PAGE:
Tribals in Jharkhand celebrated their traditional festival during which the devotees practice a unique ritual of being bitten by snakes to please the Hindu deity Mansa Devi.
People participating in the snake biting ritual at Mahulia Sol village apply herbal medicines all over their bodies and also eat special herbal medicine named Eklavi that protects them from the poison of snakes.
According to them, if they chew this medicine, the snakes would find it difficult to bite them and even if they bite the poison won't affect their bodies.
"Our forefathers have been doing this for the past many years, but we have no idea why they do it. We are doing this as a part of our tradition. These poisonous snakes here are cobras and if they bite the person sitting on the carrier, he won't get affected because he has some very effective medicines applied all over his body," said Ras Raaj Kahili, a devotee.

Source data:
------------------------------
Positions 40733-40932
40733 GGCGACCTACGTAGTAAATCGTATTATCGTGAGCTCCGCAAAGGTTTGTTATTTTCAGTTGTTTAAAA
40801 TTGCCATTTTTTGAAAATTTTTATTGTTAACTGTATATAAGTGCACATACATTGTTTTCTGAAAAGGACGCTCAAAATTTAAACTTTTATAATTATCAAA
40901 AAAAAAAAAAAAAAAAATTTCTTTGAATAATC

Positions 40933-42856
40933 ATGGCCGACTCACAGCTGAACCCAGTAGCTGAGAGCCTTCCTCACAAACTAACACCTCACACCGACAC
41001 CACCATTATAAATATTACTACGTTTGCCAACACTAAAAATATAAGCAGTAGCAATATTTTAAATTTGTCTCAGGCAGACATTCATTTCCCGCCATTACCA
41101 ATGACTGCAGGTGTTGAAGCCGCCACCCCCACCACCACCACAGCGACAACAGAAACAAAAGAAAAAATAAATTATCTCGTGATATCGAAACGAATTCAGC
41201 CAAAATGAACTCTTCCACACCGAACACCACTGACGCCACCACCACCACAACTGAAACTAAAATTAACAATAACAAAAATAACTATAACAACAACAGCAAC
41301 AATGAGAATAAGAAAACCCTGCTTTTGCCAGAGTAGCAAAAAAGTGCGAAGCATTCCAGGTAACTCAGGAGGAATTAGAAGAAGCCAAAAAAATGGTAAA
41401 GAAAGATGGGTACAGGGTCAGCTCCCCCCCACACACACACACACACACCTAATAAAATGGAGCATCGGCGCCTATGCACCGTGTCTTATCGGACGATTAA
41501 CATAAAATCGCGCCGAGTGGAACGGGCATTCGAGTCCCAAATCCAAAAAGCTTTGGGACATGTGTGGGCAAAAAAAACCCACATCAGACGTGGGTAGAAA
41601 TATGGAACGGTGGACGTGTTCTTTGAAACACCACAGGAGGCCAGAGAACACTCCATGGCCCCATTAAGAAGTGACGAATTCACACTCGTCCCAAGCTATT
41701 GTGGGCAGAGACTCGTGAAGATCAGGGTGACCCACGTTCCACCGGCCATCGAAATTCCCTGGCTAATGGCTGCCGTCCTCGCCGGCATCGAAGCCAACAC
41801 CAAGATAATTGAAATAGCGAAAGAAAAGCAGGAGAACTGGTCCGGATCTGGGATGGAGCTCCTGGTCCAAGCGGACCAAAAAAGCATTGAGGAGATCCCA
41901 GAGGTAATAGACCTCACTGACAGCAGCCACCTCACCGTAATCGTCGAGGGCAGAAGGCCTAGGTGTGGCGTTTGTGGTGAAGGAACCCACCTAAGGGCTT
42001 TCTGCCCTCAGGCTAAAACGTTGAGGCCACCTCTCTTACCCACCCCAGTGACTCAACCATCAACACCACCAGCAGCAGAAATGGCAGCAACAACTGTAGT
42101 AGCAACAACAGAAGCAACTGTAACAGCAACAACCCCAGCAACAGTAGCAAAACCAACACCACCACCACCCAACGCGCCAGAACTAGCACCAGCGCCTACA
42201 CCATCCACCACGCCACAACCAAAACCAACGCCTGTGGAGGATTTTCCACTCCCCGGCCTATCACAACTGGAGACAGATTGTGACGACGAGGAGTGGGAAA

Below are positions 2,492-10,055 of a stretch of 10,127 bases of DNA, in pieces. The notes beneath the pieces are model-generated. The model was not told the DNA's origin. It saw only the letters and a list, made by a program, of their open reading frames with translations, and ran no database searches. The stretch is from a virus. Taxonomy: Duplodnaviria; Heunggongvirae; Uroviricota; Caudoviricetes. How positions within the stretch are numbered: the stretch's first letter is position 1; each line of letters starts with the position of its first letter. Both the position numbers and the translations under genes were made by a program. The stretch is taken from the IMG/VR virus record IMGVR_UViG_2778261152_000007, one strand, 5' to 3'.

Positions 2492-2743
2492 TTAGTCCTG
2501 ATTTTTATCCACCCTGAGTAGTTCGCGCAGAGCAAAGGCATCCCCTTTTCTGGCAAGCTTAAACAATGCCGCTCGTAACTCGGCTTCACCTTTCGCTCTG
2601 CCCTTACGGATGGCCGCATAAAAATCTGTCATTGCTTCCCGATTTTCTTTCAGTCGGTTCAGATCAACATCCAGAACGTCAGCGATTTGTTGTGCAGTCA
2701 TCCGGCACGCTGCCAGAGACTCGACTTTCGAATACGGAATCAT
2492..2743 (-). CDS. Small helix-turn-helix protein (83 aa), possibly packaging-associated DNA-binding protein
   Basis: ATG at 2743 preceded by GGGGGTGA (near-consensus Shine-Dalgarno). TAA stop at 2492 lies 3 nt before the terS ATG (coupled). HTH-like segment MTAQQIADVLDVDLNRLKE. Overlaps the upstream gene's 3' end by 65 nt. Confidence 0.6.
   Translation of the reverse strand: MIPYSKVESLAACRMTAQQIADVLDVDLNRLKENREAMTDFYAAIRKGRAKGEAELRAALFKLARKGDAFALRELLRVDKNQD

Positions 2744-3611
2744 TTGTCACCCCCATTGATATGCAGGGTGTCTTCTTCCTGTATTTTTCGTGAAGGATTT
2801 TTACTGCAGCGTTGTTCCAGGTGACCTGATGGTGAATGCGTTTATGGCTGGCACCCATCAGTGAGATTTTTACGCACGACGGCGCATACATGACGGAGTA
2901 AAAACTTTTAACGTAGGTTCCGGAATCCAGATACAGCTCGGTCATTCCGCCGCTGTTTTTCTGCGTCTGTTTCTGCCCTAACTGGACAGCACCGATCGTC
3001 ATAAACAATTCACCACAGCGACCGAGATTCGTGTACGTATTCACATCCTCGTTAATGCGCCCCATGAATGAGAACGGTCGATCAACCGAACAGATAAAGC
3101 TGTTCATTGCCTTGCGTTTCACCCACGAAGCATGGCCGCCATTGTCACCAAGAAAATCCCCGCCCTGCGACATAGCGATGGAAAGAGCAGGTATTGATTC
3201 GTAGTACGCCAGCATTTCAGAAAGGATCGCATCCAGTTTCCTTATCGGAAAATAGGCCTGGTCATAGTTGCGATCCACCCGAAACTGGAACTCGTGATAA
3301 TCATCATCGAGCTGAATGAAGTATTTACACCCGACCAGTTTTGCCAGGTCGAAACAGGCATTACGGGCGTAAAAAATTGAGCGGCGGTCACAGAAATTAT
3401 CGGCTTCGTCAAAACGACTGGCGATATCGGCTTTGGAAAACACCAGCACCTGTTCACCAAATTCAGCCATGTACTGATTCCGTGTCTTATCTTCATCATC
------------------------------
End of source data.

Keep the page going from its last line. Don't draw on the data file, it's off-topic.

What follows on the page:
About eight to ten snakes are placed on the bodies of the two devotees who carried on palanquins. These snakes keep biting them but they are not affected at all.
"You must have heard about the story of Lakhinder and Behula. Lakhinder was once bitten by a snake and died soon after that. But then his wife Behula prayed to Mansa Devi who then after being pleased with her granted back her husband's life to him. Since then, our forefathers made this a tradition to worship Mansa Devi by getting bitten by snakes with this faith that Mansa Devi would save them anyhow," said Deepak Kumar Das, another devotee.
The devotees who get bitten don't speak a word for three days except for reciting `mantras'. By Girija Shankar Ojha